Adding any more Trimble to your ever-growing batch of to-reads? Wandering Variables?

  2. We outta have a double date with Wandering Variables. And *wow* – I can’t believe how closely that Kinkade painting matches the Kelly Freas cover of The City Machine.

    You’re guilty of influencing me, too, ya know. I now have four more Bob Shaw books in my collection: Fire Pattern, One Million Tomorrows, Vertigo, and Orbitsville.

    1. pseudo-Kinkade art is for hotels and grandmothers — not sci-fi covers — HAHA

      I don’t have a copy yet. I might buy one in a bit — but I have close to 70 to read so I’m trying my hardest to stop buying for a while.

      Bob Shaw — still torn on him, One Million Tomorrows could have been SOO much better. He needed to take a razor to all the melodrama and basic whodunit plots.

  3. It sounds like a good story, but only 143 pages? Just enough to leave you wishing for the long play version I suspect. I suspect that they replaced the magnificently antlered deer in the original picture with an outlying suburb of the Emerald City from the Wizard of Oz for this cover art!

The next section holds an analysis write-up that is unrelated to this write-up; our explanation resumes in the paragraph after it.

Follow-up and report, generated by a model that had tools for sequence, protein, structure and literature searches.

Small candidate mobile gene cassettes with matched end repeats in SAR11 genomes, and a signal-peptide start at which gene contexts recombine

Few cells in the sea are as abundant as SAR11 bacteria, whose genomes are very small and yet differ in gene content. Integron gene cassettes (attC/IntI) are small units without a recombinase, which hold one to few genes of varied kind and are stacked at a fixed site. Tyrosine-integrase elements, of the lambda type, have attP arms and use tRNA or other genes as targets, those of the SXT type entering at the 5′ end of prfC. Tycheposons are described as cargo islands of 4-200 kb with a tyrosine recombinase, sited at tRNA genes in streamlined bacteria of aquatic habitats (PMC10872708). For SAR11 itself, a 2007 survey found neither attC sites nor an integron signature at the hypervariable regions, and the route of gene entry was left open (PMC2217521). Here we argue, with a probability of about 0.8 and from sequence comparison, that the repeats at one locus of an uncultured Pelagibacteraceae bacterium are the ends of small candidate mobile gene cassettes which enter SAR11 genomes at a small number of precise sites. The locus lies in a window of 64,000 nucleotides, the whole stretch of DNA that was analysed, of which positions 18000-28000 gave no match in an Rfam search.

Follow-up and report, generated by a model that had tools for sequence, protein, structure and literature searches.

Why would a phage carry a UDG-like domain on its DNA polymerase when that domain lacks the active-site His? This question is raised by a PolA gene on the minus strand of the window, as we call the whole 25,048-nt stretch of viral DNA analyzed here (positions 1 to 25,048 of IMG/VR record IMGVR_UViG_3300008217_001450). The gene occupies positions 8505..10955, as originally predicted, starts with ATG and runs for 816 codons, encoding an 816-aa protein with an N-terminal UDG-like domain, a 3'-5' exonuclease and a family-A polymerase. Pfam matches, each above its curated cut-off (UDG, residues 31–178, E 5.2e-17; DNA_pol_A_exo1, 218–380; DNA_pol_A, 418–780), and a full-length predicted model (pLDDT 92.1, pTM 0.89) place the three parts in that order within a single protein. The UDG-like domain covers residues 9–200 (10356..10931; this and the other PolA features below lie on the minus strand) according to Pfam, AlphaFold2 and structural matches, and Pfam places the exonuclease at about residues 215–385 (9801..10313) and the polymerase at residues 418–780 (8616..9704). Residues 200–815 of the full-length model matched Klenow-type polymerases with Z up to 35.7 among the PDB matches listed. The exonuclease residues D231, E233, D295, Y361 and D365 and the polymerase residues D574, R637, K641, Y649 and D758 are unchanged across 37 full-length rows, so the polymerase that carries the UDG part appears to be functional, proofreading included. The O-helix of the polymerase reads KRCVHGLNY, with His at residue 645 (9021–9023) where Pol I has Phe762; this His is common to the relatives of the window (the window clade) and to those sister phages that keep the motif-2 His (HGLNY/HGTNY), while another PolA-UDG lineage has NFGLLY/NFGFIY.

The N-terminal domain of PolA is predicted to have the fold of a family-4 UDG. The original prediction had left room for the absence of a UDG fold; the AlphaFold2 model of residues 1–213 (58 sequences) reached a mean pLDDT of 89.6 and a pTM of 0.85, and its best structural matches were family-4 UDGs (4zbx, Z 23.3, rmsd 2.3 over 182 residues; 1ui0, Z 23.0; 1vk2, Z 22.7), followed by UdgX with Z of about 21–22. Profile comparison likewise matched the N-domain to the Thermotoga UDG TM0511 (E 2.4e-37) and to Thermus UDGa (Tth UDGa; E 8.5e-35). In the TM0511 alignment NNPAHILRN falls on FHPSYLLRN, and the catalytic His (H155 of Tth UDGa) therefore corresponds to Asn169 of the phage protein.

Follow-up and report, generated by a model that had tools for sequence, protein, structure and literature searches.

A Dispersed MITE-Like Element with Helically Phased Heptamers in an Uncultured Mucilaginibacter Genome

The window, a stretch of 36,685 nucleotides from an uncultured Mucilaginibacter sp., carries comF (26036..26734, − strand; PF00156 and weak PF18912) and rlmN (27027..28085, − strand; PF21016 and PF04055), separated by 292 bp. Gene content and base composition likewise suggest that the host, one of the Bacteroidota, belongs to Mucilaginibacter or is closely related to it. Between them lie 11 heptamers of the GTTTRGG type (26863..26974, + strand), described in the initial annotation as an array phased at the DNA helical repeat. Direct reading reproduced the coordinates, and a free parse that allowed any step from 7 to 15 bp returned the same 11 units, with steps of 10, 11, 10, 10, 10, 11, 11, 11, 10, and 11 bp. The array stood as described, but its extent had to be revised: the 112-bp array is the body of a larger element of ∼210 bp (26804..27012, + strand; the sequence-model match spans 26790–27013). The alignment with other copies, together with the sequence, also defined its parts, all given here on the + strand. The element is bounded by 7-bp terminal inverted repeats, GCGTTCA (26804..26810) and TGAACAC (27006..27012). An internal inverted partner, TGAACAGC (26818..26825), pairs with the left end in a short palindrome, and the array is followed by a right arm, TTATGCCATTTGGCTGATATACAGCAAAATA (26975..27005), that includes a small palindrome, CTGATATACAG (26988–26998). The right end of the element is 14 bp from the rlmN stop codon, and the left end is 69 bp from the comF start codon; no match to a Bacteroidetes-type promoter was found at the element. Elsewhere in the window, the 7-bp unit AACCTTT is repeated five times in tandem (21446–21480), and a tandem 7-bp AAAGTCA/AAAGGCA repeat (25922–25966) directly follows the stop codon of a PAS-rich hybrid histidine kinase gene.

1. It needed to be expanded and expounded upon…. Without doubt. The work still has a nice allegorical feel and completely worth the read. Hehe, yeah, the cover art is a standard Christmas scene + sci-fi city. But I do love the city….

  4. “The City Machine” was approved by Soviet censors during the Cold War and got a lot of play in Eastern Europe. Louis Trimble was a good friend of mine and he was both surprised and amused by its popularity with the Soviet censors. They saw it as a symbolic treatise on the inevitable fall of corrupt capitalism. Louis greatly enjoyed the zlotys, korunas, and forints that piled up from his royalties in frozen bank accounts in the Soviet zone, but never endorsed the Soviet perspective.

    1. Cool story! There were many stories in that era that could be interpreted as endorsing a sort of rural “communism.” I did find that aspect of The City Machine overdone and all too simplistic. A fun, short, and easy allegory but lacking much backbone. I might read one of his other sci-fi novels eventually….